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Chris' Rant- by Chris Wenham
Summary: Have the various Internet "Market Research" campaigns actually been hurting OS/2's chances in the long run?

Death Of A Thousand Promises

To you and me it should be crystal clear right now that OS/2 is not surviving as a general-purpose operating system. That is, all the time it tries to be a Jack-of-all-trades, OS/2 is suffering from the effects of being spread too thin. For OS/2 to continue survival it must find a way to specialize. Now while IBM have their ideas for a niche, they are vague and constantly shifting. To me it seems that OS/2 has inherent talents that would make it perfect for a narrowly focused task. Under ideal circumstances the market would find the tasks to fit the talents easily -- sort of like tossing iron filings onto a table to see where the magnets have been hidden underneath. The problem is that the market hasn't been allowed to speak. Because some people are throwing paper confetti, and everybody is pretending to be a magnet. I'll explain.

In past months, several companies have put out "feelers" to test the potential of the OS/2 market. They do this by asking anyone who's interested in buying a proposed piece of OS/2 software to send them a request, which the company naively considers to be a potential order waiting to be filled. What they get, inevitably, are thousands of requests from seemingly eager OS/2 users who promise they're truly interested in buying the program. From that response the company then works out what the pricing structure and marketing focus should be.

Months and months go by, and then one day the company, having been charged up with such a positive response, releases the product that is everything it was promised to be. It sells a couple hundred copies in the first couple of months, after which the graph plunges to a miserable trickle of sales. What happened?

The obvious; thousands of the people who promised support for the product were being less than sincere.

"Well, Duh!" you say. But of course, it's unreasonable to expect everyone who promises to support a product to actually come through with the cash once the product ships. Maybe some of them lost their job or had unexpected expenses, maybe a competing product hit the market first, and maybe some just changed their minds. But for OS/2 the numbers are way out of proportion. Who wants to bet that Opera software will really see 10,000 orders as a result of Project Magic? In fact, does anyone really think they'll see more than three or four hundred at most?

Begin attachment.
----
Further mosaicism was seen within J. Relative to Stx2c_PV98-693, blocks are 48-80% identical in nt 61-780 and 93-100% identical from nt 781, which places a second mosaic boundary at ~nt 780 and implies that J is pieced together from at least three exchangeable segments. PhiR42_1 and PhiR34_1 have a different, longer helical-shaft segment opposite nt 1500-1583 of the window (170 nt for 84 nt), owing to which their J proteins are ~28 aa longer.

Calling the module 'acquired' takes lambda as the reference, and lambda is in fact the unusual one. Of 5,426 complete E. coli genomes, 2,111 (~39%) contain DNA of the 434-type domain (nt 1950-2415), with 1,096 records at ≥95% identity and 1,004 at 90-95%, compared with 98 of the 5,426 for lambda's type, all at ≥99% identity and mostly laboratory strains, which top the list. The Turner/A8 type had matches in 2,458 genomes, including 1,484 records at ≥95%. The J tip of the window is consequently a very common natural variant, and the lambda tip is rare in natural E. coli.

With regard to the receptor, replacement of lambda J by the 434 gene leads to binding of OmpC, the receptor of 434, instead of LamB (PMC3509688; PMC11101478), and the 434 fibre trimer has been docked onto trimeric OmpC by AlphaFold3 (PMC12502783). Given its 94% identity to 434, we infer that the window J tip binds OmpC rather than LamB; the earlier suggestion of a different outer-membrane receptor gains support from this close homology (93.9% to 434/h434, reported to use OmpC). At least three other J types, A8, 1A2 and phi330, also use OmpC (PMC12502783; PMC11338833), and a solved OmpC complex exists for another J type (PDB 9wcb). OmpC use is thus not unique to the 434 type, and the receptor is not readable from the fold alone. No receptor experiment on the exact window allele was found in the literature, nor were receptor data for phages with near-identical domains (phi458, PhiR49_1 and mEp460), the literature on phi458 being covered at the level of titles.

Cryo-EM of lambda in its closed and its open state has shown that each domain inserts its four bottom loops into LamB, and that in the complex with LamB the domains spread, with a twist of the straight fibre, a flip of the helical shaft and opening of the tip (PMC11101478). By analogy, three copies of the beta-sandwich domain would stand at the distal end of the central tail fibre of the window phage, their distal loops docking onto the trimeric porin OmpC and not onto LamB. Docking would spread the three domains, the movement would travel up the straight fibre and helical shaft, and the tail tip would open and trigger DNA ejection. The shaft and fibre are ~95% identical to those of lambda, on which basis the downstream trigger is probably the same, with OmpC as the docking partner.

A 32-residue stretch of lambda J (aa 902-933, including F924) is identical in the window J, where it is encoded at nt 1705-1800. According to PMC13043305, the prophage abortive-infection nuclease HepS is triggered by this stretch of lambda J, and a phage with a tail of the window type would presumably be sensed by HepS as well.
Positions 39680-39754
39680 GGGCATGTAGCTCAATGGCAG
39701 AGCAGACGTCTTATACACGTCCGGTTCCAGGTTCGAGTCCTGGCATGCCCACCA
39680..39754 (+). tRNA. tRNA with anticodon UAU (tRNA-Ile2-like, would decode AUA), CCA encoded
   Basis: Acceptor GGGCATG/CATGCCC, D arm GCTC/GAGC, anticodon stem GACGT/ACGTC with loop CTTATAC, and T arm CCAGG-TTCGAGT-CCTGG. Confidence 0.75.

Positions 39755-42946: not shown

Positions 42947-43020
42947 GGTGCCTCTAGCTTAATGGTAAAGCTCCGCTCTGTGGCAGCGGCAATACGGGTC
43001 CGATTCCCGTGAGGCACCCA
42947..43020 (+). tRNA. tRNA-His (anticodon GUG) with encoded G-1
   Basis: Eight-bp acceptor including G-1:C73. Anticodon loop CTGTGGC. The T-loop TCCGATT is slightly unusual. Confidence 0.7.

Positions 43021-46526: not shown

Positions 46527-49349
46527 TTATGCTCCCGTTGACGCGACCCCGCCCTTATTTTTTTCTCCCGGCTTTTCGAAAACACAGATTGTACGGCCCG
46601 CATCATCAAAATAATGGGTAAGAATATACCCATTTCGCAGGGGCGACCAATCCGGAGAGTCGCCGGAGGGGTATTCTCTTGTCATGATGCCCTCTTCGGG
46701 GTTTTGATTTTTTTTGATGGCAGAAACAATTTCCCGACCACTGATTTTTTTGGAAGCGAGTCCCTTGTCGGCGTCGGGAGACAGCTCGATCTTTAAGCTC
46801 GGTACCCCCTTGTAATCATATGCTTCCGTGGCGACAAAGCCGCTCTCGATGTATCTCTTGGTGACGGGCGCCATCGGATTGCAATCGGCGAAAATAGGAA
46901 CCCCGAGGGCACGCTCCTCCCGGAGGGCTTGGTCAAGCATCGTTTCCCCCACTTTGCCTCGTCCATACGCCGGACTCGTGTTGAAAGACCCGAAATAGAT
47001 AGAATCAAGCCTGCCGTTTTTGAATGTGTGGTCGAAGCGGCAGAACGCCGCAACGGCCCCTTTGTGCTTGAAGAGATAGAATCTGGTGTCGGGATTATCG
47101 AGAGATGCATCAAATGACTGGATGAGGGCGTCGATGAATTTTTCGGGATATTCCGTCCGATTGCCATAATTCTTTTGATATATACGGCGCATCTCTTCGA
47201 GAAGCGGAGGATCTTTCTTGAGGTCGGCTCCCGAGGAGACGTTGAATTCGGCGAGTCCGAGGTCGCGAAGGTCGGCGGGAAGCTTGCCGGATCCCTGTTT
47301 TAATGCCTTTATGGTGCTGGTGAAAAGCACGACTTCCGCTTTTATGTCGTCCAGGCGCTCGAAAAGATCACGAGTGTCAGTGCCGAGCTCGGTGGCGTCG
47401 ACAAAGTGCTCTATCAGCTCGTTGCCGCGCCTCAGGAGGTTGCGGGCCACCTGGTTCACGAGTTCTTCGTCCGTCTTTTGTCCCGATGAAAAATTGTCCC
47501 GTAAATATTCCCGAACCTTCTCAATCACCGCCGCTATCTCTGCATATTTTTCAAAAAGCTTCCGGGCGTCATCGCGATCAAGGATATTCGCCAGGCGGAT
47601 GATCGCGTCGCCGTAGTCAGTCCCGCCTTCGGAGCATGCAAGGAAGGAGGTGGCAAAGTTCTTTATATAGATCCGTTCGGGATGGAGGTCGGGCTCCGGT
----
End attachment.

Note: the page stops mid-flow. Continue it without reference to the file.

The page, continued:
We've been guilty of believing our failing support is producing the illusion of a lively OS/2 market and vendors have been guilty of thinking that real market research can be conducted over the Internet. Both parties are wrong. When Opera conducted Project Magic, they turned their market research into a game, one where the objective for OS/2 users was no longer to show a realistic measure of interest, but instead to beat the Mac and Linux users' scores. Now what will happen when Opera/2 is a colossal flop? We'll see vicious testimony of an "unprofitable OS/2 market", the type that scares away other vendors.

This is what I mean by confetti - software that just cannot manage in the OS/2 market anymore. When it's confused for the iron filings -- the software that can thrive -- people get the wrong idea when it won't stick to the magnets. Likewise, when everybody pretends they're a magnet -- be that a games player, a web surfer, a desktop publisher, a Java developer or whatever - just to make it seem as if there are a lot of magnets, then even the people throwing the iron filings cannot tell what is and is not working.

Thousands of requests, but only a handful of orders. Those profit margin estimates had been driven way off by a vaporous response, so what could have been a modestly profitable venture turned into a disaster instead. You see, sales don't have to be in the tens of thousands to make a product successful - just sales to the right people at the right price.

OS/2 users must resist the urge to sign up their support for any of these widely publicized "market research" dramas, because polling millions of self-selected web surfers is not the way you do basic market research. What's good for an opinion poll is not good for a profitable venture.

Send an e-mail instead that explains why you think the method is wrong. This way the vendor won't think his poll has worked, but is merely registering zero interest.

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Register your interest in this column by joining in with our Hypernews Forum. If I get at least 10 replies I promise to write one more.

Chris Wenham is the Editor In Chief of OS/2 e-Zine! -- a promotion from Senior Editor which means he now takes all the blame.

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